2022 LABR Mixed Draft Recap – BOOM or BUST

On Tuesday night, the competitors of the LABR Mixed draft virtually congregated for our annual mid-February 15-team draft. Drafts this early are challenging. On the one hand, the early timing benefits the prepared and the more highly skilled. On the other hand, there remains a great many unknowns that we need to make educated guesses for at best, and complete shots in the dark for at worst. In addition, and during a normal pre-season period, the extra time between the draft and opening day (versus leagues that draft a week to three before the seasons begins) means more opportunity for injuries to decimate your roster before the season even begins!

Unfortunately, this offseason is no normal one. We’re still in a lockout, which means that there could be a significant time gap between draft night and opening day, even more so than there usually is. The lockout has paused free agency, so there will be a massive domino effect once players are signed, as roles will change and playing time projections will shift. This situation was similar in ways to 2020 when we had a pandemic-delayed start. However, at the time of our draft in mid-February, the world didn’t shut down for another month and we had no idea at the time of the draft what was to come. There wasn’t a lockout then, so it will be very interesting to see which players (and fantasy owners) win and lose the playing time/role lottery as signings come flooding in.

With background out of the way, let’s get back to last night’s draft. The full draft results can be found here.

Before sharing my team, I’ll quickly remind you of my “strategy”. I put that word in quotes because even after 20 years of playing fantasy baseball, I’m still not sure I understand what it means to have a draft or auction strategy. Isn’t everyone trying to maximize the value of their team? The only way to do that is to buy as many players at a discount to their projected value, at as large a discount to that projected value, as possible, while keeping categorical balance in mind (you probably shouldn’t buy 300 steals and only 150 home runs, even if you think you can easily make trades). Of course, trying to maximize the projected value of your drafted roster wouldn’t work if everyone valued players exactly the same way. Good news, we don’t! It’s rare that everyone agrees on the value of a player, so those disagreements will allow you to buy the players you project as undervalued. Then you just need to be right and the championship is all yours!

So that’s how I approach snake drafts (and auctions too). Now let’s get to the results. I’ll present my roster two ways — in pick order and then by position.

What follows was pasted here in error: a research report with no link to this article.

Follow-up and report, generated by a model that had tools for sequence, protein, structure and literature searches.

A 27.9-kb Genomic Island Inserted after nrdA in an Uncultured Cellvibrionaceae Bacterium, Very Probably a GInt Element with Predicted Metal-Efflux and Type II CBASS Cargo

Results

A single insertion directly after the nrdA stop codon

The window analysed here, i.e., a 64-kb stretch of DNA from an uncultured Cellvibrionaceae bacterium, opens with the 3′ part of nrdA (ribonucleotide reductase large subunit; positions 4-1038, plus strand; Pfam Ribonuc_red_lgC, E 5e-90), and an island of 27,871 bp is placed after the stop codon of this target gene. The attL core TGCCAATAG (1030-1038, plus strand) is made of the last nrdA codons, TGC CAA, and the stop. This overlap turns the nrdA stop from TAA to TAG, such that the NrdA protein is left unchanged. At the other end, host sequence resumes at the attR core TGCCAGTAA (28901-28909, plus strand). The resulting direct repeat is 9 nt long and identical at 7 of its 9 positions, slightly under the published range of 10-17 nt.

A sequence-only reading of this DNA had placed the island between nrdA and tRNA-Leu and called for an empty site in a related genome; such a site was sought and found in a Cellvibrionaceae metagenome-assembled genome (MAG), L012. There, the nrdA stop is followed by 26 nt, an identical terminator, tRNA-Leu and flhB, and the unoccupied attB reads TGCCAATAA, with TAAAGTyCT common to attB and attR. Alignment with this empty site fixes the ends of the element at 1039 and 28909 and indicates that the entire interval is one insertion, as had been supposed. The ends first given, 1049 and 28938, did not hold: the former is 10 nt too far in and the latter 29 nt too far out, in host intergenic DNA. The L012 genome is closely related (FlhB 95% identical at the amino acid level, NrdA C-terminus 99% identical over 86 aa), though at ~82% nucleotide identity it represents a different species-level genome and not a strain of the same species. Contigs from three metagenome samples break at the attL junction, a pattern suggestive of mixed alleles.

2022 LABR Mixed Team – By Pick
1.9 9 Ronald Acuna Jr. OF
2.7 22 Jacob deGrom P
3.9 39 Salvador Perez C
4.7 52 Adalberto Mondesi 3B
5.9 69 Byron Buxton OF
6.7 82 Brandon Lowe 2B
7.9 99 Christian Yelich OF
8.7 112 Justin Verlander P
9.9 129 Willson Contreras C
10.7 142 Blake Treinen P
11.9 159 Clayton Kershaw P
12.7 172 Anthony Rizzo 1B
13.9 189 Dylan Floro P
14.7 202 Luis Severino P
15.9 219 Noah Syndergaard P
16.7 232 Frank Schwindel 1B
17.9 249 Carlos Carrasco P
18.7 262 Wil Myers OF
19.9 279 Austin Hays OF
20.7 292 Luke Voit 1B
21.9 309 Lou Trivino P
22.7 322 Andres Gimenez SS
23.9 339 Rowan Wick P
24.7 352 Jeremy Pena SS
25.9 369 Jesus Luzardo P
26.7 382 Gio Urshela 3B
27.9 399 Brandon Marsh OF
28.7 412 Dane Dunning P
29.9 429 Ha-Seong Kim 김하성 2B

2022 LABR Mixed Team – By Position
Player Position
Salvador Perez C
Willson Contreras C
Anthony Rizzo 1B
Adalberto Mondesi 3B
Luke Voit CI
Brandon Lowe 2B
Andres Gimenez SS
Gio Urshela MI
Ronald Acuna Jr. OF
Byron Buxton OF
Christian Yelich OF
Wil Myers OF
Austin Hays OF
Frank Schwindel Util
Jacob deGrom P
Justin Verlander P
Blake Treinen P
Clayton Kershaw P
Dylan Floro P
Luis Severino P
Noah Syndergaard P
Carlos Carrasco P
Lou Trivino P
Rowan Wick Bench
Jesus Luzardo Bench
Dane Dunning Bench
Jeremy Pena Bench
Brandon Marsh Bench
Ha-Seong Kim Bench

Let’s address the elephant in the room first.


Thanks for those questions and comments, but there’s no need to yell!

As shared in the intro, this was clearly not some sort of plan I devised heading into the draft. I surely didn’t intend to draft every single injury-prone player and injury-returnee and take on the most risk I ever have in the history of my fantasy baseball career. It just so happened early on and it didn’t take much additional effort to embrace the “strategy” through the majority of the rest of the draft.

The strong prospect of a delayed start to the season gives Ronald Acuna Jr. more time to recover from surgery on his torn ACL that ended his 2021 season prematurely. Obviously, his ADP of nine is due to the expected missed time and questions on how the injury and resultant surgery might impact his performance, especially his stolen bases. My projections already account for those factors, so he doesn’t deserve to get dinged again for those risks, as it’s already reflected in his forecast and ADP. A delayed season could result in him missing significantly fewer, or even 0, games of the regular season, so if he feels no ill effects from the injury and surgery, will end up being a bargain at nine.

If you know me, you know I’m a “buy starting pitchers late” kinda guy. I have never and will never draft a starting pitcher in the first round and it’s rare to even go for one in the second. And yet, somehow, some way, Jacob deGrom found his way onto my roster in round two at 22 overall. We know what he is capable of during a full and healthy season. With no standout alternative at that pick, I went for the profit potential instead of the safe route, and begrudgingly passed on a hitter.